Perhaps I haven't understood the concept of the "Scaling Workflow" and hence my confusion ...
I checked out most of the Q&A for designing large format images on Photoshop (like for huge billboards), and the most popular suggestions were to "scale" the image down and design at high resolution.
For instance, if a billboard is to be 20' wide, the vendor may ask you to send a file 20 inches wide. If the billboard will be printed at 40ppi, then your 20" wide file would need to be set to 480ppi to allow for the scaling (12X40).
30 dpi for final output is more than enough for a billboard of that size. It's not unusual for final output to be 12-15 dpi in this context. The usual professional billboard workflow in Photoshop is to build the image at a small scale with high ppi (e.g., 4x6cm @ 300 ppi),
How does this help?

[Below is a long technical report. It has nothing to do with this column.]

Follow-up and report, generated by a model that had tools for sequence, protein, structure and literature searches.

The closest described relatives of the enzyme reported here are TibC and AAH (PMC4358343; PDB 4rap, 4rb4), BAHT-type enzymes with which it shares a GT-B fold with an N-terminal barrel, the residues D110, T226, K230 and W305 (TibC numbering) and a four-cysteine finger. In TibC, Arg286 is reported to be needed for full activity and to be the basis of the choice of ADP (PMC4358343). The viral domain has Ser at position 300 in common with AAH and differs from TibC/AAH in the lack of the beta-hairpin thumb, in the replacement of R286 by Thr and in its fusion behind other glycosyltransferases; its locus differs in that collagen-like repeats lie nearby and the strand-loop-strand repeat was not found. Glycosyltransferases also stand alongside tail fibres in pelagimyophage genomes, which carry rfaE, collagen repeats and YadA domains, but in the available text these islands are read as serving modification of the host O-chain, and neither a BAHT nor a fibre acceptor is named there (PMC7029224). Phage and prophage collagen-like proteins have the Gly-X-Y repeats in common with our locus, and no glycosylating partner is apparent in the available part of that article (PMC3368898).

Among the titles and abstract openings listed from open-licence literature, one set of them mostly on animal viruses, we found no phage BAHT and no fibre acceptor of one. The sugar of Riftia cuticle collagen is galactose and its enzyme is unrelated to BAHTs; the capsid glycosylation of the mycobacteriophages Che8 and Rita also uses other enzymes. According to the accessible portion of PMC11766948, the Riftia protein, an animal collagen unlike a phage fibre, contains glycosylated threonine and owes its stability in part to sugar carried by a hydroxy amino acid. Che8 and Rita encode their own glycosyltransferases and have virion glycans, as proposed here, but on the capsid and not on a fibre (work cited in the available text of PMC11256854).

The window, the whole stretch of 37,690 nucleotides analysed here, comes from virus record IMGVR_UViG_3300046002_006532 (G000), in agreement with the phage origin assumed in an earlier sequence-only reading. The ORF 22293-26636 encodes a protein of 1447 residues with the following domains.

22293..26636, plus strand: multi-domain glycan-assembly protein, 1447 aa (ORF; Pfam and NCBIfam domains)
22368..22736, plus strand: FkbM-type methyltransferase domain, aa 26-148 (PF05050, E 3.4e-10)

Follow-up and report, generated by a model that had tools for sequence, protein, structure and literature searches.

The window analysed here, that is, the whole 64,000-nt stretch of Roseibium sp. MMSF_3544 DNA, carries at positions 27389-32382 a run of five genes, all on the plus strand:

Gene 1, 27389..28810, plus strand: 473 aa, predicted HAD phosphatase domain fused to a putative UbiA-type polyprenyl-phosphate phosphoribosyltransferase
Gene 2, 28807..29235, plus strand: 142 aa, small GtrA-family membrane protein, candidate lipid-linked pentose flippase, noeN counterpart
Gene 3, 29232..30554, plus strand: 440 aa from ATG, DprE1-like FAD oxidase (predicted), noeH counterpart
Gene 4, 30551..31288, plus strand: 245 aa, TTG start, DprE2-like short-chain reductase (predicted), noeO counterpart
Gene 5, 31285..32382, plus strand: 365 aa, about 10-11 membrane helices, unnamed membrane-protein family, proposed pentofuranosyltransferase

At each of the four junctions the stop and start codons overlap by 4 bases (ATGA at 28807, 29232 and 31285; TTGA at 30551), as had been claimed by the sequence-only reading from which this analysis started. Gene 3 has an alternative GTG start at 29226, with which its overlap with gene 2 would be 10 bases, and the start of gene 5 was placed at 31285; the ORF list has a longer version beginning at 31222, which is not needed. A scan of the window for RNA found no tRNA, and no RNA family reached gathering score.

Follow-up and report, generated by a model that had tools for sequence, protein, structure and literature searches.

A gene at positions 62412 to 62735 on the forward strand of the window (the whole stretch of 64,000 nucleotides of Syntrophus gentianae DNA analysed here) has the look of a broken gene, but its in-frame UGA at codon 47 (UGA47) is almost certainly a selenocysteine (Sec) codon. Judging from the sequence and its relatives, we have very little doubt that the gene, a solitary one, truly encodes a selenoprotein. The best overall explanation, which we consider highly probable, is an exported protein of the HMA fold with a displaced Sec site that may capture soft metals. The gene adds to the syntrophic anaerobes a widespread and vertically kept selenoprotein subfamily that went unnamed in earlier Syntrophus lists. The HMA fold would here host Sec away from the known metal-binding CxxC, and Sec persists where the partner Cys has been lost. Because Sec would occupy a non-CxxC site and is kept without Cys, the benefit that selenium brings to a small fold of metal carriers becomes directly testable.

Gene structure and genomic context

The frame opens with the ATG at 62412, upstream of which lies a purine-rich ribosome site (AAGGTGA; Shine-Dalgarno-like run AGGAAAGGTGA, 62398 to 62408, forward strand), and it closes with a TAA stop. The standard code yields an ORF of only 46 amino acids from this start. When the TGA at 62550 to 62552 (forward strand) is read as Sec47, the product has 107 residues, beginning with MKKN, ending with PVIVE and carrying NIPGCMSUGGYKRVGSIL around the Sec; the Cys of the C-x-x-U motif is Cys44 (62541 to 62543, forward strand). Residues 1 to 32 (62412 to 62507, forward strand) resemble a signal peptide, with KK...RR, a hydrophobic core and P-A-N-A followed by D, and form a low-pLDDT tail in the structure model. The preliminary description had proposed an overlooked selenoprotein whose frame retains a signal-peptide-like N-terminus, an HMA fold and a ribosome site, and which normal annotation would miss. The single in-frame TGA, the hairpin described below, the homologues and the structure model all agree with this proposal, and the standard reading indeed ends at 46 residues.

For example, let's assume a billboard's print spec is 35 meters (W) x 15 meters (H) at a resolution of 50 DPI / PPI in CMYK. And the billboard designing will be done with a raster image using Photoshop.
So how does it help if you design it at 350 cm x 150 cm @ 500 ppi (scaled to 1/10, for example) or at its actual size of 3500 cm x 1500 cm @ 50 ppi?
A 350 cm x 150 cm @ 500 PPI will have ~ 68,898 x 29,530 pixels (350 cm = 137.795 inch x 500 PPI = 68897.5 and 150 cm = 59.06 inch x 500 PPI = 29,530).
A 3500 cm x 1500 cm @ 50 PPI will also have 68,898 x 29,528 pixels (3500 cm ~ 1377.953 inch x 50 PPI = 68897.65 and 1500 cm ~ 590.56 inch x 50 PPI = 29,528).
In both cases, the file size in Photoshop is going to be approximately the same (around 4+ GB!), since the amount of pixels in both the Photoshop file will be the same! When the document size is the same for both cases, how can Photoshop use less resource for the "scaled" down size? How does it become easier to design using a "scaled" down version?
To be clear, I understand the theory of why a lower resolution works with large images for bill boards.
My question pertains to the "scaling" designing workflow that was suggested for editing large raster images (mainly in photoshop). I fail to see what benefit this approach offers, and hence my query ...